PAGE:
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Friday, January 27, 2012

KNOL: Building Indoor Grow Lights for Seed Starting (In Pictures)

Transfered for storage from Google Knols.

Growing vegetables and flowers indoors is not difficult. You need space and light. You can create your own growing station by using standard fluorescent fictures purchased at any home improvement store. You can use the fluorescent bulbs sold in these stores. There is no need to pay top dollar for grow lights systems or special grow light bulbs. For under $75, you can get a station set up.

Building Indoor Grow Lights for Seed Starting (In Pictures)

By Gary Pilarchik LCSW-C
 
Visit my blog for new gardening ideas at The Rusted Vegetable Garden
 
Every gardener desires more space. I recently had my basement finished, did the drywall myself, and had a grow-light closet built. It was under my stairs before construction and I had quite a bit of room. Though demoted to a closet, I love it. I needed to build a third level of lights. After transplanting my plants, as always, I have a ton of plants and the warm weather is late. This Knol shows you how to build a basic and highly functional grow station. It is very easy to build.

Step One: Select A Space

This is how my closet looked before I started the third level of lights. There are two levels below it.  I use foil to reflect light back into the seed trays. The third level is going in that empty space.
 
You need to select a space and build a shelf like I did below or put in an old table. Once you identify the location of you grow station you need a place where you seed trays will sit. Anything works. People even buy the plastic shelving units at home improvement centers for their grow stations.







Step Two: Secure Boards For the Fluorescent Light Fixtures

I added four boards as seen below. The two boards in the middle will support lights and the others will support the drywall surface top. Now drywall isn't the best choice because it can get water damaged if there is a whole lot of excess water. Why did I use it? I have a lot left over from finishing my basement. The timbers are left over too. How you space the levels is up to you. You want enough space to work.
 
In this space I will need two fluorescent fixtures to light the whole area. If you are building your station on a shelving unit or on a table that is 1/2 the size of the space I am using, you will only need to hang one fluorescent fixture. If you use a shelving unit, you will attach your lights to the shelf above it. The distantance between my lights is 12 to 15 inches. I can adjust them if needed.


 


 

Step Three: Buying the Fluorescent Light Fixtures

That is the basic fixture I use. It is from a home improvement center. The fixture does not come with tubes and it is inexpensive. I purchased the brightest basic fluorescent tubes in the same store. They also weren't expensive and I DON'T recommend buying tubes that are for growing plants. You know why? You just get charged double or triple for the same tubes. Just by the brightest lumen output basic fluorescent tube out there. I've done it that way for years. I have only replaced two tubes so far.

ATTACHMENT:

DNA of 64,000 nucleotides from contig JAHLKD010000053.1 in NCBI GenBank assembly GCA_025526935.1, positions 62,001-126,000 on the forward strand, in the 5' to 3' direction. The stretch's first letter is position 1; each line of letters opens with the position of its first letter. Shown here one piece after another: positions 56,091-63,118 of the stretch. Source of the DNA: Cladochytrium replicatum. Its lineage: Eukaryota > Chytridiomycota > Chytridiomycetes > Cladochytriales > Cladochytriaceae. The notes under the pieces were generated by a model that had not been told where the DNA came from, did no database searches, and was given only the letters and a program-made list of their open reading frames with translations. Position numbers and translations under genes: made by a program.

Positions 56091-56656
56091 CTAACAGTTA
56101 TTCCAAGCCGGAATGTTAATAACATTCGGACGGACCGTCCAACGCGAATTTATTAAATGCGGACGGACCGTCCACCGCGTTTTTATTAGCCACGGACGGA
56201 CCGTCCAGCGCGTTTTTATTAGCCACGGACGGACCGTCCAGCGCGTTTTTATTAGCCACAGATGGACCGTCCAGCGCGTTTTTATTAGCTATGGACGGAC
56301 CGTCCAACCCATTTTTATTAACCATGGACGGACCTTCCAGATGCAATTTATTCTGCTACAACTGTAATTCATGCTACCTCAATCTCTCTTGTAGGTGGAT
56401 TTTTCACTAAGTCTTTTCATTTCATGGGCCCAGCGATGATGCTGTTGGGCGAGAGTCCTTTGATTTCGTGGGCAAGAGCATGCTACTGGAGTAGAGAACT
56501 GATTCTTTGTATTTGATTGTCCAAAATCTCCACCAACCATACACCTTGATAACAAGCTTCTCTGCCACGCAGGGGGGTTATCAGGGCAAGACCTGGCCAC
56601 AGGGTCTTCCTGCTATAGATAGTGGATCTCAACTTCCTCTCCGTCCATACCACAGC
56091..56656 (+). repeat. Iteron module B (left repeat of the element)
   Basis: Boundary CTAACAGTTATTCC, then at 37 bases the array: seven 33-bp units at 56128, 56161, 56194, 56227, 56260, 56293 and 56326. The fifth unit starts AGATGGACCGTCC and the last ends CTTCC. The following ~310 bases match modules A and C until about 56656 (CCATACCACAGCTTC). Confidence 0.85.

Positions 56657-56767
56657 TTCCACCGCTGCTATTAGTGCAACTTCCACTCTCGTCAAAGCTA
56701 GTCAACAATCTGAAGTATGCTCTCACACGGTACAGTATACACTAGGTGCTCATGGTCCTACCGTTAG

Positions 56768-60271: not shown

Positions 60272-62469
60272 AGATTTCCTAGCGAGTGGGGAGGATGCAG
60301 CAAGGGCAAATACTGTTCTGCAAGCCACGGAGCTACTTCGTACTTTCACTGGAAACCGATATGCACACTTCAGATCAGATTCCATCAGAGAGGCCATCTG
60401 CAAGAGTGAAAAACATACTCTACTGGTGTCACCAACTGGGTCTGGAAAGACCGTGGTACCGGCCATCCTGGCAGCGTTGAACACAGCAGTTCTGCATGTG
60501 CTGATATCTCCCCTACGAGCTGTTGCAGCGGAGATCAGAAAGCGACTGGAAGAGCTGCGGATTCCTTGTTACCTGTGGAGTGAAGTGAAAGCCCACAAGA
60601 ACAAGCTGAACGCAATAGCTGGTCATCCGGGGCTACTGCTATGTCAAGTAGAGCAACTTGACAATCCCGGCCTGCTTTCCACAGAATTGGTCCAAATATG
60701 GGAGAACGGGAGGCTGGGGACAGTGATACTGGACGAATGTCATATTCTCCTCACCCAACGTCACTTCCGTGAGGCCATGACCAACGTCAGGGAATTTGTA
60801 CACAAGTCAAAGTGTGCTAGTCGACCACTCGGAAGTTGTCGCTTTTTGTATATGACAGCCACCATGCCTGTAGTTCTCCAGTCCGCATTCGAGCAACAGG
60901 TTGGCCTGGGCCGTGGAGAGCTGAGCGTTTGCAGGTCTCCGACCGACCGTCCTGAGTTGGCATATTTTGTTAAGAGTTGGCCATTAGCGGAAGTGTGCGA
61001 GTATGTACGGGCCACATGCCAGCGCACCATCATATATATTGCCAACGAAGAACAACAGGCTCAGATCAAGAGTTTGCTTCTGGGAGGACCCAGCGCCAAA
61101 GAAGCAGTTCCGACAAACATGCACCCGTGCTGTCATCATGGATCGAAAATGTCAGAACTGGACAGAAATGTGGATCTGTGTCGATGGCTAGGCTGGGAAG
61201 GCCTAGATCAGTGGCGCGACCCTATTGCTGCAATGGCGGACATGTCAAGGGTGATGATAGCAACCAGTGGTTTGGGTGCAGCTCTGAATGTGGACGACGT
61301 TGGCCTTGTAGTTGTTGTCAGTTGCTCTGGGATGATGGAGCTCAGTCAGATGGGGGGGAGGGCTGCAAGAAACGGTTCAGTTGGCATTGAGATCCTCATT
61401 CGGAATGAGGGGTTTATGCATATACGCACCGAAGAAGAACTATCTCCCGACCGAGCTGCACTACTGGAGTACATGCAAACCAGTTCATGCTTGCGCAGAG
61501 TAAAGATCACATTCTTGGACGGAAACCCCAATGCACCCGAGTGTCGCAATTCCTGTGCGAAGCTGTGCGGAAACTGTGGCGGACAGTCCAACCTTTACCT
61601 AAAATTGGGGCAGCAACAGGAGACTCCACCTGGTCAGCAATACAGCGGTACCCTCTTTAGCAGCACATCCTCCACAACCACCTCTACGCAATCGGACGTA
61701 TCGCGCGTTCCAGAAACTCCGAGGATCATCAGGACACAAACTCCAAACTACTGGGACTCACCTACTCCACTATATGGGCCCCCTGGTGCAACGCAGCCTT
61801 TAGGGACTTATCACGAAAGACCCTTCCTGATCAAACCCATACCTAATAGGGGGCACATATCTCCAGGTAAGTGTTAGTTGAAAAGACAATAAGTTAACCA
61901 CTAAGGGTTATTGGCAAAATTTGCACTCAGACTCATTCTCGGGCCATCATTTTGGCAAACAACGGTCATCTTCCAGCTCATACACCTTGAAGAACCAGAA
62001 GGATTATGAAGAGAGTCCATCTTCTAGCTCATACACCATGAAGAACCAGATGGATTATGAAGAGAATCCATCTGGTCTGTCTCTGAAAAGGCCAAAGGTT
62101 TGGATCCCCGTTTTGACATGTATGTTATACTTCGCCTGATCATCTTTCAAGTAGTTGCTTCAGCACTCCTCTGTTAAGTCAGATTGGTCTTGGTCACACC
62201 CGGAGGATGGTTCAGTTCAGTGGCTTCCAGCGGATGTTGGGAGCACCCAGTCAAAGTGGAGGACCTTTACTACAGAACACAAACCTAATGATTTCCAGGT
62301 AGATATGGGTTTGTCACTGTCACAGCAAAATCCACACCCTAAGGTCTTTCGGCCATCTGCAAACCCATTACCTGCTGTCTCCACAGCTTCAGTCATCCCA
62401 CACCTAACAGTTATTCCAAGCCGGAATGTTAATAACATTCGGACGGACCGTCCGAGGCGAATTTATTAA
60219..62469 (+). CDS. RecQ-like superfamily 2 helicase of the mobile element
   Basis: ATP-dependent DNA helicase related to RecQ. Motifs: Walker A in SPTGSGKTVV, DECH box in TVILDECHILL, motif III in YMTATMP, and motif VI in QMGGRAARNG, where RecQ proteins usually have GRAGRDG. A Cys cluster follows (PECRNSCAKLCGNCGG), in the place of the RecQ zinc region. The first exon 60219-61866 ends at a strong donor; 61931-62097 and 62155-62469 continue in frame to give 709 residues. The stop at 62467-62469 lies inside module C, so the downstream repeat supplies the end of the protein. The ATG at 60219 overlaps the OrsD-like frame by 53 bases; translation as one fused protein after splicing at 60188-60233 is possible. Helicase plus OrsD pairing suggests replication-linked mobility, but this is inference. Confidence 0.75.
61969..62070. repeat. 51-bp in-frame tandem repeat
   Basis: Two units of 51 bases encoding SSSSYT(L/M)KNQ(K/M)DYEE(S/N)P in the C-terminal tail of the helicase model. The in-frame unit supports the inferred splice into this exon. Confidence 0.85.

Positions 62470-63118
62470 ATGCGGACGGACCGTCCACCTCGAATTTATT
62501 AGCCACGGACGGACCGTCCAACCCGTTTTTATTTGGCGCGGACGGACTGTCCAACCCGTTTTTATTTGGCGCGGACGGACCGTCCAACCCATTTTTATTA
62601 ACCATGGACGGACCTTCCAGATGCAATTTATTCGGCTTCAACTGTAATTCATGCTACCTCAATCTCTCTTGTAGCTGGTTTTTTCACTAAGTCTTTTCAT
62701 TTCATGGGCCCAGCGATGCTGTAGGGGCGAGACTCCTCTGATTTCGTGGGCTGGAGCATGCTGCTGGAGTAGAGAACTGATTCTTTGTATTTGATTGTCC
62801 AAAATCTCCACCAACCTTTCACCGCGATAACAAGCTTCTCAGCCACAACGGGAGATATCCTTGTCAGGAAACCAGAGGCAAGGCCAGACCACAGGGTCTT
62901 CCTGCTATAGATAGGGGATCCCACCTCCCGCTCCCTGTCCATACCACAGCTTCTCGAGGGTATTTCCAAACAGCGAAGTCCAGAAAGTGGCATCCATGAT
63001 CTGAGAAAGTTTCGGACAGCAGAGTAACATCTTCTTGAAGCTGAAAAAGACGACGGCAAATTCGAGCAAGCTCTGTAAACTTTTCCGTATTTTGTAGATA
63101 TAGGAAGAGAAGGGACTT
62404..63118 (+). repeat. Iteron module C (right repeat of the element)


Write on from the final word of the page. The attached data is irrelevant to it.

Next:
Step Four: Hanging the Fluorescent Lights

One fixture goes on the back middle timber. It is supported by tomato jute/string. I put loops on the end of the jute and can easily adjust the light height by attaching different loop levels to the hook in the fixture. Most of the lights come with chains and hooks. I seemed to have misplaced mine. You will be able to move your fixture up and down as the plants grow. Here is a basic distance for the light to the plants.
 
2-4 inches before the seeds germinate
4-6 inches just after a week of plant growth
6 inches or more as the plants grow larger
 
You typically want about 2 inches between the plant and the bulb based on my experience.







The next light goes in the front middle timber. This space requires two lights. The variance in brightness is due some to the bulbs but mostly to me using or not using the flash on my camera. I am a gardener, not a photographer.







Step FIve: Use Foil to Reflect Light Back In

I put foil down with the reflective side up. My seed trays will get pushed back and the area in foil won't be fully covered by the trays. I want the light to be bounced up and around. You can also see a foil flap way in the back and on the right side. Anywhere the light goes, redirect it back to the plants with foil. Please use the reflective side. There are two fixtures in the picture below. You just can't see the one behind it.







I also have a front flap of foil attached. The growing area is now nicely wrapped in foil, mostly for maximizing light but it does help with warmth a bit too. You can see how bright the seed growing station is. It provides plenty of light without the expensvie cost of grow stations.





 

Step Six: Various Levels of Growing Lights/Timers

The upgraded closet. I put a new shelf on the top too, to store my supplies. You can see different stages of plant growth. The bottom has seedlings in cups. The 2nd level has trays with seedling up and about and the third level is holding my tomatoes I just started a few days ago. You can start all your vegetable and flowers seeds indoors by building a basic system like this. It works. You don't need anything fancy.
 
I also recommend getting some light timers. It saves you the hassle of having to turn the station on and off. I typically set my timers for 10-12 hours. You can set it and forget it. You will also need some extension cords. The fluorescent lights come with 3 prongs on their plugs. You need adapters or cords the accommodate the plugs. Good Luck!



 
 
 

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